Thousands of children and their parents in villages across Andhra Pradesh have so much to thank Dr. Shantha Sinha for. She fought against child labour by getting children into schools and ensuring they got an education. A winner of many awards, including the Ramon Magsaysay award in 2003, Dr. Shantha Sinha credits her volunteers for their magnanimity.

About a decade ago, Parigi and other mandals in Mahabubnagar district of Andhra Pradesh were known for child labour. Girl children, in particular, went to cotton farms. Toiling hard from daybreak to midnight for a paltry sum and a glass of buttermilk, the young girls were forced to leave schools and work in harsh conditions. Some succumbed to pesticides as they were enrolled in these “farm badi” (farm environments simulated as schools with intervals, school bells and award) using superstitions to convince hapless parents.

Enter the Bridge schools, high impact awareness campaign run by Mamidipudi Venkatarangaiya Foundation — popularly known as MV Foundation — and the sheer determination of one woman Dr. Shantha Sinha.

Soon schools were abuzz with students and it was back to school and a happy childhood for the voiceless children out here in the remote region. Talking to the poor parents on the one hand and mobilising multi media support on the other, it was a tedious yet successful effort by Dr. Sinha and her volunteers camping in the villages.

Today, thanks to her, 800 villages in Ranga Reddy district have successfully achieved 99 per cent enrolment and retention of children till Std. X. Organisations such as CRY, Tatas, HIVOS and European Commission have come forward to render support to the cause.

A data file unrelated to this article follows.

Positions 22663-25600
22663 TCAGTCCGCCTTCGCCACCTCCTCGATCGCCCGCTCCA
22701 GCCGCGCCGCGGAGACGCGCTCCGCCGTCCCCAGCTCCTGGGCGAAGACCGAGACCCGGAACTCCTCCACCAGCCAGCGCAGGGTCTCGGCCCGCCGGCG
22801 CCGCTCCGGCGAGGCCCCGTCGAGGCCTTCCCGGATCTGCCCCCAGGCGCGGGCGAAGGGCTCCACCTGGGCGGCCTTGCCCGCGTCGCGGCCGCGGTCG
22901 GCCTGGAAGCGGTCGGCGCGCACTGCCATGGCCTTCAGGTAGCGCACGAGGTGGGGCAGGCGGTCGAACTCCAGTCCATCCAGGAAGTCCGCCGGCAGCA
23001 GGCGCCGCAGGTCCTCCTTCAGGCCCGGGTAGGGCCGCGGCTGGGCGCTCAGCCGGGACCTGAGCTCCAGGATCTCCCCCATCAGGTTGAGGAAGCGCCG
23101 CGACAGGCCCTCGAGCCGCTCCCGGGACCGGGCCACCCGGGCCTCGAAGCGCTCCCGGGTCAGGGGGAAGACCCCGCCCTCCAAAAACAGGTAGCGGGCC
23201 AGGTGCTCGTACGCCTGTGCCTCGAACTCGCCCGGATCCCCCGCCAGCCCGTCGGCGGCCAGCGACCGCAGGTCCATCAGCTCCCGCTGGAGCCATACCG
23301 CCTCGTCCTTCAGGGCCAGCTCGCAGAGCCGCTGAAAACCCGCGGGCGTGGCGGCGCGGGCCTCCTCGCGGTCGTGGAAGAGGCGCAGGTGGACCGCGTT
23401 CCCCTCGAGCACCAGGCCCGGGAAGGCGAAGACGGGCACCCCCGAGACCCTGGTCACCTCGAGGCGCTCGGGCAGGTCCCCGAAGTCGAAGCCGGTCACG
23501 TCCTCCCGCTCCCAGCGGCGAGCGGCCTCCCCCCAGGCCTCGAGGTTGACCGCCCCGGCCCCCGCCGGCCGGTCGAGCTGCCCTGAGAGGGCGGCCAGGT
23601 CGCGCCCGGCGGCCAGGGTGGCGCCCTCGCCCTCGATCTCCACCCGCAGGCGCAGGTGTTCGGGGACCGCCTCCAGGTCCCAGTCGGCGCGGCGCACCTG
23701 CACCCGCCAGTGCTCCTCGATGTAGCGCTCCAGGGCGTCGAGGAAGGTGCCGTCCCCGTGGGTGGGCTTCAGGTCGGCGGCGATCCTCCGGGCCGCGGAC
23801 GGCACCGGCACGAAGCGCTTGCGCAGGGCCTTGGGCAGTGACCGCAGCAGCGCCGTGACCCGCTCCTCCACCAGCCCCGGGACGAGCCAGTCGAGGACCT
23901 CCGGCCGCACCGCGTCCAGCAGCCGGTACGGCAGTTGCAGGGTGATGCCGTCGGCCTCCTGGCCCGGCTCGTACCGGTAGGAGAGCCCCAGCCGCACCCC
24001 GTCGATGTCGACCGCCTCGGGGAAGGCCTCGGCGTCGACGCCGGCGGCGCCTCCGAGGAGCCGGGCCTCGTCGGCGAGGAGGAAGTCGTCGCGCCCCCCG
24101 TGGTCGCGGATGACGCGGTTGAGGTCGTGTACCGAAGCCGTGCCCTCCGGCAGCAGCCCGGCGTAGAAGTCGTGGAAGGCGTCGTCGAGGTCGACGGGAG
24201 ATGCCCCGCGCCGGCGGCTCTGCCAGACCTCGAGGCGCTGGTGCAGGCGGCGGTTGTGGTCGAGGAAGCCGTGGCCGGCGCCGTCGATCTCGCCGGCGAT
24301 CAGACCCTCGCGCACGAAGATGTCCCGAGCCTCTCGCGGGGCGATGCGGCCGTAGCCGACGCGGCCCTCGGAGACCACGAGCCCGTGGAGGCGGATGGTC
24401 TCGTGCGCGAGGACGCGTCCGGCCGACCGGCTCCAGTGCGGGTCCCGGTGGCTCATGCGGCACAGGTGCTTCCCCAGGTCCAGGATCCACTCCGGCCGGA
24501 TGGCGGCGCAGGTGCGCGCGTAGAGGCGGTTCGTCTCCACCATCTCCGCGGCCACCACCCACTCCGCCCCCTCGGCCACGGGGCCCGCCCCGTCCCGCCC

A source of inspiration for many, Dr. Sinha, who is currently chairperson of National Commission for Protection of Child Rights (NCPCR), was awarded the Padmashri in 1998 and the Ramon Magsaysay Award for Community Leadership in 2003 in recognition of her efforts.

She is also the founder of MV Foundation (which is named in memory of her grandfather Mamidipudi Venkatarangaiah).

“My experience in MV Foundation helped me largely in my role as chairperson of NCPCR. The overall objective of the Commission is to ensure that all laws, policies, programmes and administrative mechanisms are in consonance with the Child Rights perspective as enshrined in the Constitution of India and the UN Convention on the Rights of the Child. MV Foundation had been the beginning of my endeavour to fight against child labour and NCPCR gave me a wider perspective which was more challenging. A whole gamut of issues opened up and I got the larger picture,” opined Dr. Sinha.

Bonded labour

As director of Shramik Vidya Peeth where she was involved with bonded labour, Dr. Sinha realised that 40 per cent of the bonded labourers were children. At Shramik Vidya Peeth the focus was on adult labour and during that time, there was no agency that was working exclusively for the welfare of children.

Dr. Shantha Sinha's family trust, founded after her grandfather, was involved in giving scholarships to students. Dr. Sinha took up the issue of child labour under the family trust. And thus, began the journey of MV Foundation.